I’ve got this whole fitness thing pretty much figured out: I go indoor rowing and cycling at Saddle Row (review soon) during the week and I lift weights at Fitness First on weekends. It’s an effective routine for me and the 20 pounds I lost over the course of 3-4 months from cycling and rowing proves that.
I’m always on the lookout to try something new and make fitness more fun, though! Last week, my co-worker who goes boxing regularly asked me if I was interested in trying out Flyweight. I’ve never heard of boutique boxing before and I had hesitations but we were given a free trial class upon signing up and who am I to say no to that?!
Flyweight? Boutique boxing?!
The best way I can describe Flyweight is that it’s the indoor cycling of boxing. You book a bag (instead of a bike or a rower), show up for class, and follow the instructor’s program.
I’ve never taken a single boxing class before so I was a little worried about the moves but I figured those Billy Blanks Tae Bo videos I used to work out to would do. I was right lol.
Flyweight has two studios: Bas, which has 21 heavy bags and Mez, the smaller room with 8 bags. Our class was at Bas and like indoor cycling studios, the place was dimly lit to give that fun, nightclub atmosphere. There is enough space in between bags so you don’t have to worry about getting in someone’s way (unless the person behind you is a strong puncher or something). The floor can get dirty, though, so make sure to grab a mat when it’s time to cool down with floor work.
Each instructor has their own teaching style and program and we took the 815PM Monday class led by Pio (who also teaches rowing at Saddle Row). The 45-minute class started with the usual warm-up: jumping jacks, squats, squat pulses etc. I do a lot of cardio and conditioning but I’m a smoker so I will always struggle. Less than five minutes into it and I was already short of breath. My heart rate was up and I had worked up a good sweat. I kind of wanted to die.
Pio demonstrates the different boxing moves (jab, cross, hook, uppercut) in the beginning and throughout the class. If he sees that you’re a little confused, he’ll go up to your bag and show you how to do it. In between boxing work, you do different exercises like squats, squat jumps, regular and reverse lunges, planks, pike push ups, mountain climbers, and burpees with upbeat music playing in the background. You just need to find your groove and place in the music. It was intense and kind of nuts. I didn’t even realize the 45 minutes was up until Pio made us do squat pulses and told us we were about to take on our last round.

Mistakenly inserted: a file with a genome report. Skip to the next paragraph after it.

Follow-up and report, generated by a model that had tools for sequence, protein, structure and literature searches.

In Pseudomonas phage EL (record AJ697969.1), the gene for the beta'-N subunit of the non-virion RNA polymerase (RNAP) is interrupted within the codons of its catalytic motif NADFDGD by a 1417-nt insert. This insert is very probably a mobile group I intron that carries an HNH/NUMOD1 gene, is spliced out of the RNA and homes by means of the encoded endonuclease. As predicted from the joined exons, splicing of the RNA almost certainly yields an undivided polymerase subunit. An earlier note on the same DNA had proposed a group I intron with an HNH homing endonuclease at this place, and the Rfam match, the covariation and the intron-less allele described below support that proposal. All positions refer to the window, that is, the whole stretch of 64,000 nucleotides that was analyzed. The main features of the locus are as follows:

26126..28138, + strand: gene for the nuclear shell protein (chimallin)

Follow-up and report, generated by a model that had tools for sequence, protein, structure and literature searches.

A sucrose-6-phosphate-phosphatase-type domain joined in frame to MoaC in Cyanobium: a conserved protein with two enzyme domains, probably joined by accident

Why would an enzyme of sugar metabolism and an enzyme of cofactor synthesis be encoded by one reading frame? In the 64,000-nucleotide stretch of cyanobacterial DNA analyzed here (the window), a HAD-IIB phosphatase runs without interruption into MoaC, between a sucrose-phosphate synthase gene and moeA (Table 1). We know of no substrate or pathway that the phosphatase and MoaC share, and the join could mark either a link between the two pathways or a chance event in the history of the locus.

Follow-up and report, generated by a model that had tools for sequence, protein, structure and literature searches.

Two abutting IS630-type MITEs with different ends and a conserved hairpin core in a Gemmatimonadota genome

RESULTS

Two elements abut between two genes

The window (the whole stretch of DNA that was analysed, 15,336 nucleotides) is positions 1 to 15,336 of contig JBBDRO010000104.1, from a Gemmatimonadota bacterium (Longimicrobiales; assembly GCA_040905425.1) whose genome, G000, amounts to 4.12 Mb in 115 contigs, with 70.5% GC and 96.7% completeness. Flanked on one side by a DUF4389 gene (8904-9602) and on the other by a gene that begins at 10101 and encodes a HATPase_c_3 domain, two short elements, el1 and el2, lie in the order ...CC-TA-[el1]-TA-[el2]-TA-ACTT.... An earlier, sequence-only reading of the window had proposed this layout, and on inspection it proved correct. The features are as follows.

Like all group classes, you can work at your own pace and slow down or push yourself as needed. You know your body best, after all.
My only issue with boutique boxing is that as a beginner, I struggle with proper form which may cause injuries. I knew I always had to make a fist while punching but I would sometimes punch downwards. Today, my right wrist is a little strained.
You can check Flyweight’s rates on their website. It’s more expensive than indoor rowing and cycling but they have a first-timer’s promo to help you figure out if it’s the workout for you. I’ll probably go back to take their Boxing 101 class just so I can learn how to throw punches the proper way and avoid another strained wrist lol.
— Flyweight provides wraps and gloves but you can also bring your own. Someone can help you wrap your hands if you don’t know how to. The gloves are a little smelly.
— Hydrate well before and after. Since you’re wearing boxing gloves, it’s nearly impossible to take quick water breaks. You won’t even be able to grab your towel to wipe off your sweat!
— Arrive at the studio with enough time to have your hands wrapped.
Flyweight is located at
2F Eight Forbestown Road,
Bonifacio Global City